Fuel hedging for airlines has never been as widely talked about as it is in these times of record oil prices. But what is the best strategy, and to what extent is hedging a gamble?
Hedging is the mot du jour in the airline industry at the moment and with good reason. With the price of fuel having skyrocketed beyond the worst nightmares of most airline executives, those carriers that were forward-thinking enough to implement fuel hedging strategies back when oil prices were at a level that can only be dreamed about today have every reason to be smug. Meanwhile, those airlines that took a gamble that oil prices would not surpass the $100-a-barrel level and decided not to hedge are attempting to play catch-up.
A large part of deciding whether or not to hedge comes down to the way in which airlines view hedging. Those that see it as an insurance policy which enables them to foresee exactly what they will be paying for fuel, therefore avoiding any nasty shocks, are the most likely to implement long-term fuel hedging strategies.
"Airlines should look at hedging as a strategic device that keeps them on an even keel and avoids extremes," says Leo Drollas, deputy executive director and chief economist at the London-based Centre for Global Energy Studies. But he adds that there is a tendency for airlines to hedge tactically rather than strategically, meaning they are "either too heavily hedged or too light on hedging, so they lurch from one situation to another".
"Airlines that have been hedging heavily in the last few years have done well. But if the price dives some time this year or early next year, they will get a caning," says Drollas. An airline that follows a strategic approach to hedging will "look at what's a good price in, say, a three-year period and whether there's a strategic need to hedge", according to Jon Bell, relationship director for airports and airlines at London-based Barclays. Tactical hedging, on the other hand, is "shorter-term and done on the basis of volatility", says Bell.
One airline that follows a strategic approach to fuel hedging and has done so since 1990 is Lufthansa. "Our hedging programme is designed to shield the airline from the adverse impact of the market," says Lufthansa vice-president corporate fuel management Helmut Fredrich. "Our strategy is that we are not speculating if there is a low [fuel] price environment. The aim is to mitigate the effects of changing oil prices to give Lufthansa time to adjust to different levels. We start 24 months out, building up our hedges by 5% a month so that after 18 months up to 85-90% of demand is hedged." This means 90% of Lufthansa's fuel is hedged for the coming six months, while 54% is so far hedged for 2009.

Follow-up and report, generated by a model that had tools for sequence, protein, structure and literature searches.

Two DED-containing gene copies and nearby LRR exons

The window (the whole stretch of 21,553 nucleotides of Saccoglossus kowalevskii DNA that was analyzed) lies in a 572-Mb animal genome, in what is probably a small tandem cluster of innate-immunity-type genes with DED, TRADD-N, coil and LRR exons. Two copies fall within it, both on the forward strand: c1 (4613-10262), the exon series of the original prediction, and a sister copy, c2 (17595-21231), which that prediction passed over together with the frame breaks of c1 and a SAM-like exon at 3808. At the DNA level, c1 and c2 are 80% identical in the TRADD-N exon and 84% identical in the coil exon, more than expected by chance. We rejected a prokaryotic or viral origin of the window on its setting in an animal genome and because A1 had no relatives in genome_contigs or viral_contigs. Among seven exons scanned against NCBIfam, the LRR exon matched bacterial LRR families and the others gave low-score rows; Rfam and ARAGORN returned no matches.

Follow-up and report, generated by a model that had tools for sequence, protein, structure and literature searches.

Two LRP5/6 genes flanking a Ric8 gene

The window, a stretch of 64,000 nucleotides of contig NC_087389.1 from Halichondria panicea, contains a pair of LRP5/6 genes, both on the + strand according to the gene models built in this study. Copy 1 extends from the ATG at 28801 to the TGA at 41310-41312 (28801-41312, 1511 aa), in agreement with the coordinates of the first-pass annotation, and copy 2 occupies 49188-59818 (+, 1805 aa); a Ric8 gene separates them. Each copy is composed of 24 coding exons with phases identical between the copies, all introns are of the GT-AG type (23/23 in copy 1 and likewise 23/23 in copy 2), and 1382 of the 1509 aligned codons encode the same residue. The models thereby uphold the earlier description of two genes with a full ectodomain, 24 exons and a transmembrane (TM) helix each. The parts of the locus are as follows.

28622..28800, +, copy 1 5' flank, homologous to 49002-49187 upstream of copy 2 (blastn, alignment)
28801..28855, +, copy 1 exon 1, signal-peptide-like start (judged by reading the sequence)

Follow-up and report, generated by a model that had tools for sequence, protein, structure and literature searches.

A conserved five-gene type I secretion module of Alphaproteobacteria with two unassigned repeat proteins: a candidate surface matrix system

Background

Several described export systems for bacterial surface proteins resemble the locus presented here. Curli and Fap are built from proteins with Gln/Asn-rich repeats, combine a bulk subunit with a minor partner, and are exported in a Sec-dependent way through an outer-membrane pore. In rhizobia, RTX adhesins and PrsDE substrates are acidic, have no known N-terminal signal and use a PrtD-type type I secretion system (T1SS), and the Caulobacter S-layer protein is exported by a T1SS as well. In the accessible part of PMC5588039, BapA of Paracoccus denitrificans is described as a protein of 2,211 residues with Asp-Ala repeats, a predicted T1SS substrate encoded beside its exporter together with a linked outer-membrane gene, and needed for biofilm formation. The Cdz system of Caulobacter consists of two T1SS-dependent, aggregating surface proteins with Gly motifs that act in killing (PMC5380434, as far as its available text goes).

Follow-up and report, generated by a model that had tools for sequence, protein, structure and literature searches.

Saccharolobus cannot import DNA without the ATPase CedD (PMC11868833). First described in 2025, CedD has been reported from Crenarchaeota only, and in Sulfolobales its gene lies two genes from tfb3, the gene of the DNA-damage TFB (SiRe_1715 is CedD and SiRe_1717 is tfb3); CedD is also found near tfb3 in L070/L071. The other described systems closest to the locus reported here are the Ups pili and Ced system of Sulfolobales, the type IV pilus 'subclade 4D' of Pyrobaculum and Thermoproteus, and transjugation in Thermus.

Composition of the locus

However, because the carrier hedges using options which follow the forward curve set by the market oil price, it is not possible to give a price per barrel at which it is hedged. "We always know for the next six months that our hedge ratio is full but we don't know exactly what we'll pay - that depends on where the market goes," says Fredrich. "We hardly ever use swaps because when prices drop you have very large payouts."
He adds that for Lufthansa to start losing money on its fuel hedges in the second half of 2008, the market price for a barrel of crude would have to drop below $60. "In 2009 the chart looks a little different but the payout period would start at a higher price."
Air France-KLM hedges its fuel even further in advance than Lufthansa, but shares the view that hedging is a strategic tool to protect against market shocks. The Franco-Dutch carrier hedges four years in advance and primarily uses swaps and collars. "We decided a long time ago, back in 1999, to maintain a hedging policy," says Air France-KLM president Jean-Cyril Spinetta. "Normally our target is to be 80% hedged in the first year, 60% in the second year, 40% in the third and 20% in the fourth year. We hedge to avoid too much volatility, but we are taking the risk of paying more than the market price. Since 1999 the market price has always increased so it has always been profitable for us, but this is not the target. The target is to have fewer shocks. In the current circumstances it's a strong asset for us."
With oil at $120 a barrel, the economic value of Air France-KLM's hedging policy is about $9 billion, says Spinetta, "but this is changing every day, every week, every hour". Whereas Lufthansa would lose money on its hedges if the price of oil fell below $60 a barrel this year, the level for Air France-KLM would be $79 a barrel, says Spinetta: "At $79 we will pay exactly the market price - below that we will pay more. If the fuel price drops it will improve our economic result but the efficiency of our hedging would be less."